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Prevalence of asymptomatic syringomyelia in Cavalier King Charles spaniels
  1. J. E. Parker, BSc, BVSc, MRCVS1,
  2. S. P. Knowler, BSc2,
  3. C. Rusbridge, BVMS, DECVN, MRCVS2,
  4. E. Noorman, DVM3 and
  5. N. D. Jeffery, BVSc, PhD, CertSAO, DECVS, DECVN, DSAS(ST), FRCVS1
  1. Department of Veterinary Medicine, Queen's Veterinary School Hospital, University of Cambridge, Madingley Road, Cambridge CB3 0ES
  2. Stone Lion Veterinary Hospital, Goddard Veterinary Group, 41 High Street, Wimbledon Common, London SW19 5AU
  3. Dierenkliniek den Heuvel, Oirschotseweg 113A, 5684 NH Best, The Netherlands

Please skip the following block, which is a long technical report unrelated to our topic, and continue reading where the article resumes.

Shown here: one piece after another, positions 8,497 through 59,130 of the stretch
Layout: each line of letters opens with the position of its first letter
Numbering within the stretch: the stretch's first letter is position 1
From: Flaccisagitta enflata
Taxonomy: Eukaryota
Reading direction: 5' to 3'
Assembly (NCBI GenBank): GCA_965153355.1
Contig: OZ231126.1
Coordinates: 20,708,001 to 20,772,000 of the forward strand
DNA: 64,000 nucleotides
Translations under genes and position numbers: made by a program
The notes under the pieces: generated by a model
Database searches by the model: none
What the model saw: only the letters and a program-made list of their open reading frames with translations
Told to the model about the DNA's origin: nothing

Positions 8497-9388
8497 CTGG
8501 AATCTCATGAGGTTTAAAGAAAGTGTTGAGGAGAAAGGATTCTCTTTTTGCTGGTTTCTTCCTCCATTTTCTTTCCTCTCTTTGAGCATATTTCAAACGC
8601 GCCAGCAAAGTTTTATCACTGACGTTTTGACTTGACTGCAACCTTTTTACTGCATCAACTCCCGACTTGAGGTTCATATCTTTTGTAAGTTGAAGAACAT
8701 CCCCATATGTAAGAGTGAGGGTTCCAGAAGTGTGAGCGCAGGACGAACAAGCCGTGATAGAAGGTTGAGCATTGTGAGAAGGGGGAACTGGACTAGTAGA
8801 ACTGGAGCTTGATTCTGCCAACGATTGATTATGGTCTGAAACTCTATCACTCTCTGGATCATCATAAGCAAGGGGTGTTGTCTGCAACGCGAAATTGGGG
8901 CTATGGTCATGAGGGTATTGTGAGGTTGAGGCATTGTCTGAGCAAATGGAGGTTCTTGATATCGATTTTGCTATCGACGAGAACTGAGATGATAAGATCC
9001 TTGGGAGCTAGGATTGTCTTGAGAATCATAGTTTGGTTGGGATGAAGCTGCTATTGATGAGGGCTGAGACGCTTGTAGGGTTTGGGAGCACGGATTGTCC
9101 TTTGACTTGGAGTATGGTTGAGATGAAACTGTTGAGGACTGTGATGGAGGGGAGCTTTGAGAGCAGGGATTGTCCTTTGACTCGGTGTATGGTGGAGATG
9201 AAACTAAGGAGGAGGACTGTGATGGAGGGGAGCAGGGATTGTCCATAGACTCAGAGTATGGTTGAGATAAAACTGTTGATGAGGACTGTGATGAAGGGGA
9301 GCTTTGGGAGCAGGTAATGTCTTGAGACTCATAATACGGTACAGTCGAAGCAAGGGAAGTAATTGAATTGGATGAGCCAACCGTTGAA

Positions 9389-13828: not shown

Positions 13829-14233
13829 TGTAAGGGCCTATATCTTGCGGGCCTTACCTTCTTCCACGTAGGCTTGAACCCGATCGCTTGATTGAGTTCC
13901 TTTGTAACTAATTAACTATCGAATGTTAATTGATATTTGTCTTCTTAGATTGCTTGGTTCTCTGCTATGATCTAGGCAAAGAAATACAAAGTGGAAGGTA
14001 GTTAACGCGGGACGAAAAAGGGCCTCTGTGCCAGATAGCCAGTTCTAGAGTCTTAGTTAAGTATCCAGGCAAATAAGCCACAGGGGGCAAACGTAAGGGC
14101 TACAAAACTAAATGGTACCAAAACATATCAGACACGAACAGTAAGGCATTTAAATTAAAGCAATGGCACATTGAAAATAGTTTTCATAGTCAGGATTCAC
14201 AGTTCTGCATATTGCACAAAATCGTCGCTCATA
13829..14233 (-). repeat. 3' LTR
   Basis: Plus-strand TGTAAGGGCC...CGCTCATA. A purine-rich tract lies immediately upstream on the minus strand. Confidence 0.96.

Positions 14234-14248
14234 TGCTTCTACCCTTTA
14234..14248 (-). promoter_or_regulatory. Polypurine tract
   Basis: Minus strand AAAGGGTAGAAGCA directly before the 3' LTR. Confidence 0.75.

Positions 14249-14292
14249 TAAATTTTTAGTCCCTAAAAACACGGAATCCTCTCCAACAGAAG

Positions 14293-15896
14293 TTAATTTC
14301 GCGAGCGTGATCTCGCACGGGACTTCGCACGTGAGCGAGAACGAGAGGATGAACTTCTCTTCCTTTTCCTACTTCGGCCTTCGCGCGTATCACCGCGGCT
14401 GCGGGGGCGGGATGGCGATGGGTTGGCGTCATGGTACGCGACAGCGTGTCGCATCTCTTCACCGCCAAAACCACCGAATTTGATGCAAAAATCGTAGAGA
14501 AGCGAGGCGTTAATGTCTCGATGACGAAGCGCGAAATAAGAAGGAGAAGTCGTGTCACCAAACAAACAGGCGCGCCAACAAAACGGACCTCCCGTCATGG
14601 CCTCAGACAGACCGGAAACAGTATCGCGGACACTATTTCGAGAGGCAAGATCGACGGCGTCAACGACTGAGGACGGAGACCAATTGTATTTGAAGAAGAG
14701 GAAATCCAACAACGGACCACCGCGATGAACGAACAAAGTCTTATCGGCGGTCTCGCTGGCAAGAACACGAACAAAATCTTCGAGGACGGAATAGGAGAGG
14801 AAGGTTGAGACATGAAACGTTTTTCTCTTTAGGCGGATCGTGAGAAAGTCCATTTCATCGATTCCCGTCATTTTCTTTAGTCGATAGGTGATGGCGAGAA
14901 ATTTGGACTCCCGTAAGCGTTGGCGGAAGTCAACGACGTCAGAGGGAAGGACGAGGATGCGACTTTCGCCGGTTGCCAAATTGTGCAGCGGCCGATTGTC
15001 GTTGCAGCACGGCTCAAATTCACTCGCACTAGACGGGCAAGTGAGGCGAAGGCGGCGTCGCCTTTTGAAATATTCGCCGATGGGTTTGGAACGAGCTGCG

1. Correspondence to Dr Jeffery, e-mail: njeffery{at}
  • Dr Jeffery's present address is Department of Veterinary Clinical Sciences, College of Veterinary Medicine, Iowa State University, 1600 South 16th Street, Ames, IA 50011, USA

The prevalence of syringomyelia was investigated in a sample population of 555 Cavalier King Charles spaniels. All dogs, which were declared by their owners to be showing no clinical signs of syringomyelia, underwent MRI to determine the presence or absence of the condition. Data were analysed by logistic regression to determine the effects of sex and age on the prevalence of syringomyelia. Only increased age was found to have a significant effect. The prevalence of syringomyelia was 25 per cent in dogs aged 12 months, increasing to a peak of 70 per cent in dogs aged 72 months or more.

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  • Provenance not commissioned; externally peer reviewed

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